Dryland farming is dependent on natural rainfall, which can leave the ground vulnerable to dust storms, particularly if poor farming techniques are used or if the storms strike at a particularly vulnerable time. The fact that a fallow period must be included in the crop rotation means that fields cannot always be protected by a cover crop, which might otherwise offer protection against erosion.
Some of the theories of dryland farming developed in the late 19th and early 20th centuries claimed to be scientific but were in reality pseudoscientific and did not stand up to empirical testing. For example, it was alleged that tillage would seal in moisture, but such "dust mulching" ideas are based on what people imagine should happen, or have been told, rather than what testing actually confirms. The book Bad Land: An American Romance explores the effects that this had on people who were encouraged to homestead in an area with little rainfall; most smallholdings failed after working miserably to cling on.
Dry farming process
- Wider than normal spacing, to provide a larger bank of moisture for each plant.
- Controlled Traffic
- No-till/zero-till or minimum till
- Strict weed control, to ensure that weeds do not consume soil moisture needed by the cultivated plants.
- Cultivation of soil to produce a "dust mulch", thought to prevent the loss of water through capillary action. This practice is controversial, and is not universally advocated.
- Selection of crops and cultivars suited for dry farming practices.
Key elements of dryland farming
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Capturing and conservation of moisture – In regions such as Eastern Washington, the average annual precipitation available to a dryland farm may be as little as 8.5 inches (220 mm). Consequently, moisture must be captured until the crop can utilize it. Techniques include summer fallow rotation (in which one crop is grown on two seasons' precipitation, leaving standing stubble and crop residue to trap snow), and preventing runoff by terracing fields.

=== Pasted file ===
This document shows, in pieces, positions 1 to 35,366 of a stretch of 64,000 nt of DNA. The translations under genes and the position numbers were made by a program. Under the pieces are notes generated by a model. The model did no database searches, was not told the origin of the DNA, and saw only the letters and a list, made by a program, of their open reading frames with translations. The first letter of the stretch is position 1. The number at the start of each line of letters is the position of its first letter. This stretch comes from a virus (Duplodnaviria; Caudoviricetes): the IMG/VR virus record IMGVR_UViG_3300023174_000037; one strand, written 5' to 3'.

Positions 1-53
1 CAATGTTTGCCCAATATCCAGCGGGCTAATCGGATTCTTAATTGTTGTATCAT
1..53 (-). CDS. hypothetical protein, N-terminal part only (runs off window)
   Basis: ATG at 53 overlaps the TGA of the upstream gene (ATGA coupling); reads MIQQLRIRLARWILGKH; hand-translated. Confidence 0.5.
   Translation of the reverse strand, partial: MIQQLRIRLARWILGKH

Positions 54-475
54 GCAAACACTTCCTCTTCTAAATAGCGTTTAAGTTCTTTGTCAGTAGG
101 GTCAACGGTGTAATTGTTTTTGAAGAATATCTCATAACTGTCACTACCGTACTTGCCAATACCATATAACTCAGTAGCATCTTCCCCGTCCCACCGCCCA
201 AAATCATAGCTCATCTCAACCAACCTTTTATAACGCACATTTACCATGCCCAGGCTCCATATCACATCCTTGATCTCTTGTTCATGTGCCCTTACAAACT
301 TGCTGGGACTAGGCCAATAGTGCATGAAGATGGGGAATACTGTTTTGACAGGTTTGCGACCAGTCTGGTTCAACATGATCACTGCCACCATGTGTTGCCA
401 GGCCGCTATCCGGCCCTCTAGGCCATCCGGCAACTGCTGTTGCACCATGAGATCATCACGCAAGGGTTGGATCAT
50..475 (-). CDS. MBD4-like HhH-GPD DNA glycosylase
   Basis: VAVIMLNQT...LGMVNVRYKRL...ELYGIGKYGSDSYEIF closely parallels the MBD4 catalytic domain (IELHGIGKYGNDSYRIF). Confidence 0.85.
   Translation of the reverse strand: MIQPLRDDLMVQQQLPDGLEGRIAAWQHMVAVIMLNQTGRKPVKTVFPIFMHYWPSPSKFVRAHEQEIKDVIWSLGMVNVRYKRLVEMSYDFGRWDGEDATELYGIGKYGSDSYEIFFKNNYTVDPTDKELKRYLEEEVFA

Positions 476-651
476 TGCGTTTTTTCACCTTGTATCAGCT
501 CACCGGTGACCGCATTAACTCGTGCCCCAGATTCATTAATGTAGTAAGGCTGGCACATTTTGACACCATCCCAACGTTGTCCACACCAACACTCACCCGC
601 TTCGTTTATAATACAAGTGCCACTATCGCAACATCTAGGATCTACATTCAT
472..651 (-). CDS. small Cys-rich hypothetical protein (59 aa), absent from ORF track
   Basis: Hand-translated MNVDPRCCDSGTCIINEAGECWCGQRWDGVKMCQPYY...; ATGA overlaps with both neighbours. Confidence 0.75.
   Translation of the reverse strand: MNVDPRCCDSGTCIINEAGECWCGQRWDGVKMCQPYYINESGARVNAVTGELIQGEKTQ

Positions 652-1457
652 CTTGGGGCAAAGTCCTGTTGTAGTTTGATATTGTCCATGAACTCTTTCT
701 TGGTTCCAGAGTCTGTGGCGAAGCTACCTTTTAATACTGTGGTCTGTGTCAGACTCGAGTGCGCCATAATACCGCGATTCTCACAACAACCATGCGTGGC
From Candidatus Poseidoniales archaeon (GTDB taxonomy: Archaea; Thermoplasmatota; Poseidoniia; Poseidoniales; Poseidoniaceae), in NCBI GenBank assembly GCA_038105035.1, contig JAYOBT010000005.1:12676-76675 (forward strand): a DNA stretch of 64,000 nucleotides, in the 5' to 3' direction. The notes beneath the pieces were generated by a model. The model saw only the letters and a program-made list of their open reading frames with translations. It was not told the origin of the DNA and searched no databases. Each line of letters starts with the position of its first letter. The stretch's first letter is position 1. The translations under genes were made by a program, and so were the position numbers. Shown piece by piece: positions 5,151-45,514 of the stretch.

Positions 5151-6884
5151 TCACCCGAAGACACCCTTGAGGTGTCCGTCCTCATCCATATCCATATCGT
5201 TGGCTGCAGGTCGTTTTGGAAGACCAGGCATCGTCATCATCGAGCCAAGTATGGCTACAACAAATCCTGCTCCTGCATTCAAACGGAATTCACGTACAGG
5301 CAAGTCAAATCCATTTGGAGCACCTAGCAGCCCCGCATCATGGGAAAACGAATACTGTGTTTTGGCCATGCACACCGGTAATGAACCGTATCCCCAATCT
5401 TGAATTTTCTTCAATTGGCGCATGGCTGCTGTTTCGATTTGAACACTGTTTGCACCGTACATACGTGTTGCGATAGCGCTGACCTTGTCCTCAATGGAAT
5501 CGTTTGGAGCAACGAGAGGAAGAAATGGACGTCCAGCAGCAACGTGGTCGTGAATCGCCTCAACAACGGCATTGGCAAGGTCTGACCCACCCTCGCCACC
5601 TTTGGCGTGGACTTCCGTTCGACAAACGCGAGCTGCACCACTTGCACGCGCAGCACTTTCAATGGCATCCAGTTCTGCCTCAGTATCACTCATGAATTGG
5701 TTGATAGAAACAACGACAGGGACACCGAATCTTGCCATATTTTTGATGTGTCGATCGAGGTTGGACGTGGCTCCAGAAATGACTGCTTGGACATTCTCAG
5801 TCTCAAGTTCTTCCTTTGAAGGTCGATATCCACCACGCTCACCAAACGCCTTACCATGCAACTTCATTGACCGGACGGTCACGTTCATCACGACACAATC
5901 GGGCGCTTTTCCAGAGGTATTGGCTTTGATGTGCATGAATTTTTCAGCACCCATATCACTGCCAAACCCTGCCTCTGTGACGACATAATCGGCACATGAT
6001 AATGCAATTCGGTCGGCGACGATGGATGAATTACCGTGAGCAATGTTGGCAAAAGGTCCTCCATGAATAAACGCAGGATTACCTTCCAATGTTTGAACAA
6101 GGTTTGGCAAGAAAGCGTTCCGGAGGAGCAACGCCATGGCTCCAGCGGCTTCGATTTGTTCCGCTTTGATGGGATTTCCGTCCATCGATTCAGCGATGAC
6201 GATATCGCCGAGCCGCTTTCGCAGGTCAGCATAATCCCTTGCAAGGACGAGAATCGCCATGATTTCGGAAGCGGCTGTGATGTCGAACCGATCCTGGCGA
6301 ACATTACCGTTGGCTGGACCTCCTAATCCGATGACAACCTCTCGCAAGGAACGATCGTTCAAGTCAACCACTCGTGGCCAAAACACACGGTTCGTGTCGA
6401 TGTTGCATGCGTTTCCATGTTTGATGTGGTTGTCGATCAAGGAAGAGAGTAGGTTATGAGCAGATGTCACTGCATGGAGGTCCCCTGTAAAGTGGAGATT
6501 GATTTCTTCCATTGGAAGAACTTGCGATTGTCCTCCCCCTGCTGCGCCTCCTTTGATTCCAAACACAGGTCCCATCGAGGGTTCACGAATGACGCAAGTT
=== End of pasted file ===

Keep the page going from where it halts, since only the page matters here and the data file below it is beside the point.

"Terracing" is also practiced by farmers on a smaller scale by laying out the direction of furrows to slow water runoff downhill, usually by plowing along either contours or keylines. Moisture can be conserved by eliminating weeds and leaving crop residue to shade the soil.
Effective use of available moisture – Once moisture is available for the crop to use, it must be used as effectively as possible. Seed planting depth and timing are carefully considered to place the seed at a depth at which sufficient moisture exists, or where it will exist when seasonal precipitation falls. Farmers tend to use crop varieties which are drought and heat-stress tolerant, (even lower-yielding varieties). Thus the likelihood of a successful crop is hedged if seasonal precipitation fails.
Soil conservation – The nature of dryland farming makes it particularly susceptible to erosion, especially wind erosion. Some techniques for conserving soil moisture (such as frequent tillage to kill weeds) are at odds with techniques for conserving topsoil. Since healthy topsoil is critical to sustainable dryland agriculture, its preservation is generally considered the most important long-term goal of a dryland farming operation. Erosion control techniques such as windbreaks, reduced tillage or no-till, spreading straw (or other mulch on particularly susceptible ground), and strip farming are used to minimize topsoil loss.